History & Culture in Perigueux
Built upon the site of the former Roman city, Civitas Petrocoriorum which flourished during the Roman occupation of Aquitaine in the first centuries AD, Périgueux is a compact but impressive city.
As Christianity through the region a monastery and a church were built on the hill (called le puy Saint Front) near by the Roman city. In the 12th and 13th centuries these old religious buildings were replaced by a Romanesque style basilica. The new church became not only a stop for the pilgrims on their route to Compostela but also the centre of a thriving town - called Ville du Puy-Saint-Front - that formed around.
In 1240 the Roman city and the Ville du Puy-Saint-Front united to form Périgueux. During the Hundred Years Wars (1337 to 1453 between the Kings of France and the Kings of England) Périgueux town was loyal to the French King while its Earl became an ally of the King of England. As a result he was stripped of his title and the county given to the Duke of Orleans, the brother of Charles VI the King of France.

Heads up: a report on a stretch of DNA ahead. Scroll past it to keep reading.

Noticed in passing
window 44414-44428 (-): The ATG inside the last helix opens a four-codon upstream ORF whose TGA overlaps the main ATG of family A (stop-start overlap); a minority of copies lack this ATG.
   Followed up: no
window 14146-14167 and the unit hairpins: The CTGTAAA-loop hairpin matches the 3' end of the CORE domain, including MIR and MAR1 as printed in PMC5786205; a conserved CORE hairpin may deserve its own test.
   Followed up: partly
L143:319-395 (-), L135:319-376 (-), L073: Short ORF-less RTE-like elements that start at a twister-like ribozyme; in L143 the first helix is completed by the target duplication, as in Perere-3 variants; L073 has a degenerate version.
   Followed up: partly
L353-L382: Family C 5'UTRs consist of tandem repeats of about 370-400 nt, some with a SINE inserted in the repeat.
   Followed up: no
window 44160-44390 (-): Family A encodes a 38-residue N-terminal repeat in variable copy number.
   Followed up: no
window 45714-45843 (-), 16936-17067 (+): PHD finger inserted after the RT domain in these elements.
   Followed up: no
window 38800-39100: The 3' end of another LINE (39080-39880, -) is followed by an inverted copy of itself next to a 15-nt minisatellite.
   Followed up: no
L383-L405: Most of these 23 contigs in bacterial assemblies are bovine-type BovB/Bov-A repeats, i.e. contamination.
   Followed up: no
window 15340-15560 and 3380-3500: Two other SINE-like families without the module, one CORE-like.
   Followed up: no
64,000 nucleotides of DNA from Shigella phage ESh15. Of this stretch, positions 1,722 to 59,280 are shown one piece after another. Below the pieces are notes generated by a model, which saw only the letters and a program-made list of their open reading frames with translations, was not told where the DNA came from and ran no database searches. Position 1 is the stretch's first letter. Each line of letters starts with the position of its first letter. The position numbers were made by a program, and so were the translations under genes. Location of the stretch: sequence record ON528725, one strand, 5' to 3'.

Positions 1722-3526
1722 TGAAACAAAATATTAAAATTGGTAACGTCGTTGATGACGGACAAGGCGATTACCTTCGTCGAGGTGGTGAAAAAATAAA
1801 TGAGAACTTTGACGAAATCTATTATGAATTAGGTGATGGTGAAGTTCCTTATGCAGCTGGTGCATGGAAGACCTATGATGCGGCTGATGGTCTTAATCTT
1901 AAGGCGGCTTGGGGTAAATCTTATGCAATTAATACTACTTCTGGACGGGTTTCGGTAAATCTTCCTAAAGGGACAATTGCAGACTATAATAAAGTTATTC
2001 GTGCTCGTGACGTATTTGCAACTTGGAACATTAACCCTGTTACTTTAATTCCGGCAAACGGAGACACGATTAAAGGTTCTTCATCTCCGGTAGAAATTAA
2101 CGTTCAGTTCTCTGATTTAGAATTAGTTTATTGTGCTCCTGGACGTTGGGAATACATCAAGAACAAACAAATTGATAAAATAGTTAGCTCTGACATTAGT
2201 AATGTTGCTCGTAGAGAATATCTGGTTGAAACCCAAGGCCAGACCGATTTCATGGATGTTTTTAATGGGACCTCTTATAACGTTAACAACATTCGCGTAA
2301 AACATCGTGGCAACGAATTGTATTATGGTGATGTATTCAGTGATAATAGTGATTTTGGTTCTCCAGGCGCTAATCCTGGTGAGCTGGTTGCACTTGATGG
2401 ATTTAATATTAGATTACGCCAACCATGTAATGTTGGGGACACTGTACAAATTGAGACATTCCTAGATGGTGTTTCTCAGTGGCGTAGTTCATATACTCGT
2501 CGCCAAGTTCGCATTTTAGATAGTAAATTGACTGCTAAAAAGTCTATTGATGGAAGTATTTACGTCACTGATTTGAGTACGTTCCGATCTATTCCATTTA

On the Saint Front Hill is situated the Medieval Town with its many narrow streets, and of course the Saint Front Cathedral.
Amongst the more unusual stories of Périgueux is that of actress Simone Mareuil. The French actress who was best known for appearing in the surrealist film Un Chien Andalou (1929), was born in Périgueux in 1903. She was the second wife of actor Philippe Hersent. After World War II, she returned to her home town of Périgueux, where she fell into a deep depression and later committed suicide by self-immolation — dousing herself in gasoline and burning herself to death in a public square.
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Also see: History of Dordogne, France